5/7 Blood Knot

The Blood Knot is an excellent way to connect two pieces of monofilament. It’s thin in diameter and very clean (no protruding bits to catch weeds or other obstructions). Back in the days of gut leaders it was the knot of choice. When nylon appeared, the Blood Knot hung on, but with the same restriction that it had in the days of gut: it is not good for connecting pieces of mono that are more than .002″ different in diameter. This meant that an angler building a leader down from .020″ to 3X would have to connect .020″ to .018″ to .016″ to .014″ to .012″ to .010″ to .008. Whew, that a lot of knots. I can personally testify to the difficulty of following a leader formula that had 7 pieces, some of which were only 6″ long. Ugh! As I experimented with nylon, I realized that its properties were as different from gut as day is from night. They are simply not the same in any way except that one can get them in a variety of diameters.

In the olde dayes, if one reduced the diameter of the gut sections by more than .002″, hinging would occur. That is, the thinner section would collapse back onto the thicker section. Not so with nylon. One can reduce the diameter of each subsequent section of nylon in a leader by 35% and not get hinging. That means you can connect .020″ mono directly to .013″ mono and not have a hinging problem. Now a leader can go from .020″ to .013″ to .010″ to .008. Fast and efficient. Oops, the standard Blood Knot can’t make the jumps.

Here’s the problem. When the material only varies by .002″ the five coils of mono on each side of the knot pull up smoothly and evenly. When one exceeds this .002″ rule, the thin material pulls up faster than the heavier material, and the knot can’t come completely tight on the heavier material side. As I experimented with  the knot, I discovered that as the diameter difference increased beyond the allowable .002″ more turns were required with the thinner material in order to make a strong knot. In fact, for each .002″ beyond the allowable, initial .002″, one more turn was required by the thinner material. Thus, when connecting .020″ to .014″ (a difference of .006″) the knot is perfectly balanced using 7 turns with the lighter material and 5 with the heavier material; thus, the 5/7 Blood Knot.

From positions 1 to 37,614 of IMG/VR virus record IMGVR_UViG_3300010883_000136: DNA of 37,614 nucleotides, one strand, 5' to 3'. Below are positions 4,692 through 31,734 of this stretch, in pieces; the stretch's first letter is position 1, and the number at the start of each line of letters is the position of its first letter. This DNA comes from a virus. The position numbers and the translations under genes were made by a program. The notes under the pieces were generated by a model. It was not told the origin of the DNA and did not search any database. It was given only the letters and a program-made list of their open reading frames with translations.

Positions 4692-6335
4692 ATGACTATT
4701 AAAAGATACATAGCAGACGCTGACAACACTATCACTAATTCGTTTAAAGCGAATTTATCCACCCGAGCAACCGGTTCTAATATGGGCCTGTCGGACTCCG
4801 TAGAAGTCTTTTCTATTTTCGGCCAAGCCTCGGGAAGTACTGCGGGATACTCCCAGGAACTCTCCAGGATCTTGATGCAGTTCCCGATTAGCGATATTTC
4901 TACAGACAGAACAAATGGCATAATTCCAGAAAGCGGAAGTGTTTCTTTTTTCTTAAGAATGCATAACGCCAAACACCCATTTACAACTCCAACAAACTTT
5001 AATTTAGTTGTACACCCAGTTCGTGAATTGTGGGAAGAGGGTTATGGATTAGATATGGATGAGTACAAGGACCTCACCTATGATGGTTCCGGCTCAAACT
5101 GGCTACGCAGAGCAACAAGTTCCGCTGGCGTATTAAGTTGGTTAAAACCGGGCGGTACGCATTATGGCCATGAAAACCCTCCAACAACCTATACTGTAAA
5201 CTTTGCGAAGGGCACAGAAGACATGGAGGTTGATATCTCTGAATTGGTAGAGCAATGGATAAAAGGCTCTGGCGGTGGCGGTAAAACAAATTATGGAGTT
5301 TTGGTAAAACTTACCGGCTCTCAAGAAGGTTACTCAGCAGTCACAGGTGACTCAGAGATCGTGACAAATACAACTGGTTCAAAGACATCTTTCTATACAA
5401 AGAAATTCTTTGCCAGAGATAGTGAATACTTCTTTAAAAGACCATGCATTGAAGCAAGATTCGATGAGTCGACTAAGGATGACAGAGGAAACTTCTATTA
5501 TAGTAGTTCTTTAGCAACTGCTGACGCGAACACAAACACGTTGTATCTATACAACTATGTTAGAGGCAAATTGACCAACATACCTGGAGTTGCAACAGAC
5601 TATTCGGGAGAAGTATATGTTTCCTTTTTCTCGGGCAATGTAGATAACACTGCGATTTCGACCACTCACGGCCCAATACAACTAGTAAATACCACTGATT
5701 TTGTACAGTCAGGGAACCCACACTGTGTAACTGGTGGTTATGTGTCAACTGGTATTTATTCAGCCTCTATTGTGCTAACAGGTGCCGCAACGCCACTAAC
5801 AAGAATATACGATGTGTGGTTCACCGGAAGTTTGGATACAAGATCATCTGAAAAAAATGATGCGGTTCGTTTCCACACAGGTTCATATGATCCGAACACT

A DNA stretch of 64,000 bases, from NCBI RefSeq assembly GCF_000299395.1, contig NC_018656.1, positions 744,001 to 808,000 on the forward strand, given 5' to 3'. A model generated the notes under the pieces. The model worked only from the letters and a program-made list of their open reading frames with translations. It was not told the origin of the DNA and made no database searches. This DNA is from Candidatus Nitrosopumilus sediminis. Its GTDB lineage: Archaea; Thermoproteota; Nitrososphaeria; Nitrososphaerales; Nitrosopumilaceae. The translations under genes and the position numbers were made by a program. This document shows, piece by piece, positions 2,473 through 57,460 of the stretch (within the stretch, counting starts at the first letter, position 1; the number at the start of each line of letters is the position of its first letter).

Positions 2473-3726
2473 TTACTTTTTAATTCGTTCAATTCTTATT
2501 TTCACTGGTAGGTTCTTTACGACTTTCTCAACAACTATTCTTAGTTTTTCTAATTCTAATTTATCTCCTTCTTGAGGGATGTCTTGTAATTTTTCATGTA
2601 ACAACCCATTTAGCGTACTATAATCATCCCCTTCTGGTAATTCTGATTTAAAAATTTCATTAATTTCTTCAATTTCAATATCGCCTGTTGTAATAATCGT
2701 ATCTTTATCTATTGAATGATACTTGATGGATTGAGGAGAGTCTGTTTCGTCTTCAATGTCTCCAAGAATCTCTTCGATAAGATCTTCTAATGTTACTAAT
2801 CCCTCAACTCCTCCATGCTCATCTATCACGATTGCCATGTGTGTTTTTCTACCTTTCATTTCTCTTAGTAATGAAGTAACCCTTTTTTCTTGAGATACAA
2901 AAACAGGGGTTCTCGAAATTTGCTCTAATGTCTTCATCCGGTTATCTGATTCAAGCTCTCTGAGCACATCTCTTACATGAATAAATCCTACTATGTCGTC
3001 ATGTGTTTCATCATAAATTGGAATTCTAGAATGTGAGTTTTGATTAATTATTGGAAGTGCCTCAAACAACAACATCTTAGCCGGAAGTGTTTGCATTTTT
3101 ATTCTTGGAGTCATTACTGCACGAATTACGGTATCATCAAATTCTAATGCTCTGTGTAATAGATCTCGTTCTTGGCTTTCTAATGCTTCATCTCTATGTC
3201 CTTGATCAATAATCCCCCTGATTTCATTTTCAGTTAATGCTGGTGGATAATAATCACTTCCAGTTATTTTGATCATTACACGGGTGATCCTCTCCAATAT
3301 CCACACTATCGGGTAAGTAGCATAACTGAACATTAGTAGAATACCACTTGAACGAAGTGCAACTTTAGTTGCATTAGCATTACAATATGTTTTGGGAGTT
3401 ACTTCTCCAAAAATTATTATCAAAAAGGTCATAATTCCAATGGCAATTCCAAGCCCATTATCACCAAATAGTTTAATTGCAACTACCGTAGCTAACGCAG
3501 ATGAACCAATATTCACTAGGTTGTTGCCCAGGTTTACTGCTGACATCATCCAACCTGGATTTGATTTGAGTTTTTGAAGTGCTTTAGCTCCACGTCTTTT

The reason, it turns out, is that the 7 turns of the lighter material takes the same amount of time to turn over and pull up as does 5 turns of the heavier material. Furthermore, once the 5/7 knot is tight, the distance from the center of the knot to each end of the knot is the same–the knot is balanced in the way it tightens and in its size from the center to each end.

5/7 Blood Knot--5 turns with the lighter material and 7 with the heavier material. Lubricate the knot before pulling tight

5/7 Blood Knot--5 turns with the heavier material and 7 with the lighter material. Lubricate the knot before pulling tight. Artwork by Jason Borger


  1. Critter says:

    Nice! I never thought about how the difference in the respective line diameters would affect the balance or evenness of the knot. I must have tied that knot a thousand times and never once had I thought about differing the number of turns from each other. I just went with ‘tradition.’ I am definitely going to keep this in mind going forward.

    Thank you Gary,


  2. Gary Borger says:

    Critter, Thanks for the comment. There’s another interesting variation on the Blood Knot that I will post soon.